One of the best pieces about baseball you’ll read this week (or this year) has nothing to do with the Boston Red Sox and their 2013 World Series title. It’s Adrian Cardenas writing in The New Yorker on why he quit the sport and took up creative writing:
When you lose yourself in the game, as you must, it’s all too easy to lose your sense of home. It didn’t take long for me to see how it happens, as I became friends with players and heard about the relationships and marriages that broke up, the relatives and close friends who faded from view, the parents or grandparents whose funerals were missed because of an expected call up to the majors. Sometimes I’d stay awake through the night, almost laughing to myself, mentally weighing the small fraction of success against the overshadowing personal and professional failure that comes with being a ballplayer.
I came to realize that professional baseball players are masochists: hitters stand sixty feet and six inches from the mound, waiting to get hit by a pitcher’s bullets; fielders get sucker punched in the face by bad hops, and then ask for a hundred more. We all fail far more than we succeed, humiliating ourselves in front of tens of thousands of fans, trying to attain the unattainable: batting a thousand, pitching without ever losing, secretly seeking the immortality of the record books. In spite of the torments—the career-ending injuries, the demotions, the fear of getting “Wally Pipped”—we keep rolling our baseball-shaped boulders up the impossible hill of the game, knowing we’ll never reach the top. Baseball is visceral, tragic, and absurd, with only fleeting moments of happiness; it may be the best representation of life. I was, and still am, in love with baseball. But I quit…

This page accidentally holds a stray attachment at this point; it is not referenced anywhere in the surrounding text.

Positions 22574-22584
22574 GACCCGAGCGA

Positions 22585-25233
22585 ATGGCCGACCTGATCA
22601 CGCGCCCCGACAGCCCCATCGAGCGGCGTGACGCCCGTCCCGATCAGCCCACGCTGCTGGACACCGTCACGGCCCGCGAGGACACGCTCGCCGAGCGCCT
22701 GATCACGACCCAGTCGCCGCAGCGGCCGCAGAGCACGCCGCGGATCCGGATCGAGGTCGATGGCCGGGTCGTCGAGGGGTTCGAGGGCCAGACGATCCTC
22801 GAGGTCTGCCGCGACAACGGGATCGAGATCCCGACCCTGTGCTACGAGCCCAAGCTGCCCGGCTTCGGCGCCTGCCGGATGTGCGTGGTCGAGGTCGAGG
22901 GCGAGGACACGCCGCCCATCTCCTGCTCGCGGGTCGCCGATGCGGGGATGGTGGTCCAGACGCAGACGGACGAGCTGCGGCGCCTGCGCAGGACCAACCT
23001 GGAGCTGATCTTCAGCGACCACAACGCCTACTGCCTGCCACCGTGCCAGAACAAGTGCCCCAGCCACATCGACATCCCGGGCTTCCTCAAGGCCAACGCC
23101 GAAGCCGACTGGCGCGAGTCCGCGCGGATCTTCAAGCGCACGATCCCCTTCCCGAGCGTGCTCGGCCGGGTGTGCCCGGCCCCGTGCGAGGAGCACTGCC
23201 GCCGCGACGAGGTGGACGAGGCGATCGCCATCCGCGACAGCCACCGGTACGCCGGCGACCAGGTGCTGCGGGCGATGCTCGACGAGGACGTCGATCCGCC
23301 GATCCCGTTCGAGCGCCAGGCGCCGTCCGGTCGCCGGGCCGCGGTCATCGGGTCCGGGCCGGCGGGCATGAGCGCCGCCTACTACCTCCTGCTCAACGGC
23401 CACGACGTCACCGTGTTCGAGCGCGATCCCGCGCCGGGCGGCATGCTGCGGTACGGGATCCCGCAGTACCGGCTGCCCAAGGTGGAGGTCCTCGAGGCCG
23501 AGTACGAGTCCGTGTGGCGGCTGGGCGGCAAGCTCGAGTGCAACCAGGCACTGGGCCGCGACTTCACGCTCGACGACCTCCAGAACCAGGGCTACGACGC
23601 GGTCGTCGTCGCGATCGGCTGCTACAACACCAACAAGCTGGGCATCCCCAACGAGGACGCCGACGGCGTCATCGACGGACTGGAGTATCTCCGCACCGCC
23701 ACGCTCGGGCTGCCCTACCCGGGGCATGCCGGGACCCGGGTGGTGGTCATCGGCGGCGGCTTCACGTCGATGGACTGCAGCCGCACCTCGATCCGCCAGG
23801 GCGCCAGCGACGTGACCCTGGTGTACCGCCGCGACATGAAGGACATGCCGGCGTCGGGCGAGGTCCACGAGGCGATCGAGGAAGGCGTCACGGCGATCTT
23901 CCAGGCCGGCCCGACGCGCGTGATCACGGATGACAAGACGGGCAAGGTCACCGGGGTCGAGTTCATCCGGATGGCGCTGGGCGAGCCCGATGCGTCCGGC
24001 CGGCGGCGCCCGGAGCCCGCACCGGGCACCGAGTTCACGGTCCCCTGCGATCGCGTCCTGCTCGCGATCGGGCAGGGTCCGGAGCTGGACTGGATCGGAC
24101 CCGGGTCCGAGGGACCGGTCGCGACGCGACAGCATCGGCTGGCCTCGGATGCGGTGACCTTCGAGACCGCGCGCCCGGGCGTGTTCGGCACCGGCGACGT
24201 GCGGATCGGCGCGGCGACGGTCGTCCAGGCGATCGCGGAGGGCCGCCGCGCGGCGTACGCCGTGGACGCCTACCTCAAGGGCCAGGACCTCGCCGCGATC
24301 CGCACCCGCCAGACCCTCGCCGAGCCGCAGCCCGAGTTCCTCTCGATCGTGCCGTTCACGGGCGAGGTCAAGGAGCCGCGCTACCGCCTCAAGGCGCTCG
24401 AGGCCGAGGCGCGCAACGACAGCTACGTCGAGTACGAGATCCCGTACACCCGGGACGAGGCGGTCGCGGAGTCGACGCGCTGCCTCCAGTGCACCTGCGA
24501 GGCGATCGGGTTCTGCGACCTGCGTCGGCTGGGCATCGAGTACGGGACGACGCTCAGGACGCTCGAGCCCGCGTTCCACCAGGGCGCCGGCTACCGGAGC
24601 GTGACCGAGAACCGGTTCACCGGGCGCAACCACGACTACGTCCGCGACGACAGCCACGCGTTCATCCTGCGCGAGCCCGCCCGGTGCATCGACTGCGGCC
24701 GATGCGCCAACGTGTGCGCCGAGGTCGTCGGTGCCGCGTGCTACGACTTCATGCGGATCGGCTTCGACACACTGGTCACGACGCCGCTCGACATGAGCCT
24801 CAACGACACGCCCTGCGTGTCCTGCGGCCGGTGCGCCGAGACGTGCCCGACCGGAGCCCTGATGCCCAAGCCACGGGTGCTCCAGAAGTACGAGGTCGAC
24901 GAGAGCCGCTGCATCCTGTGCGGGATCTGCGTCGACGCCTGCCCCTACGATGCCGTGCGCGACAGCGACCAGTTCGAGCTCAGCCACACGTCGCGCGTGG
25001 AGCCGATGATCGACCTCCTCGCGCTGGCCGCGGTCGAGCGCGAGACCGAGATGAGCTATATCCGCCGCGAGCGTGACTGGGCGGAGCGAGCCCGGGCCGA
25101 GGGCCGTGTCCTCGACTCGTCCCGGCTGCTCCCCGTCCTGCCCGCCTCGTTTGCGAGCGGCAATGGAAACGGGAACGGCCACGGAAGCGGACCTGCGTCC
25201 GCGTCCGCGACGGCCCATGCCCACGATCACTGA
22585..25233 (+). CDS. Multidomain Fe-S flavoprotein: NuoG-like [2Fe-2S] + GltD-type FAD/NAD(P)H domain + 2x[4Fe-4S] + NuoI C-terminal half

I quit because baseball was sacred to me until I started getting paid for it. The more that “baseball” became synonymous with “business,” the less it meant to me, and I saw less of myself in the game every time I got a check from the Philadelphia Phillies Organization, the Oakland Athletic Company, or the Chicago Cubs, L.L.C
The American dream didn’t tell me that an experience only matters if I acknowledge it, that losing yourself in the game is a good way to lose what makes life meaningful.
I wish Adrian the best and want to see what comes out of this next venture in his life.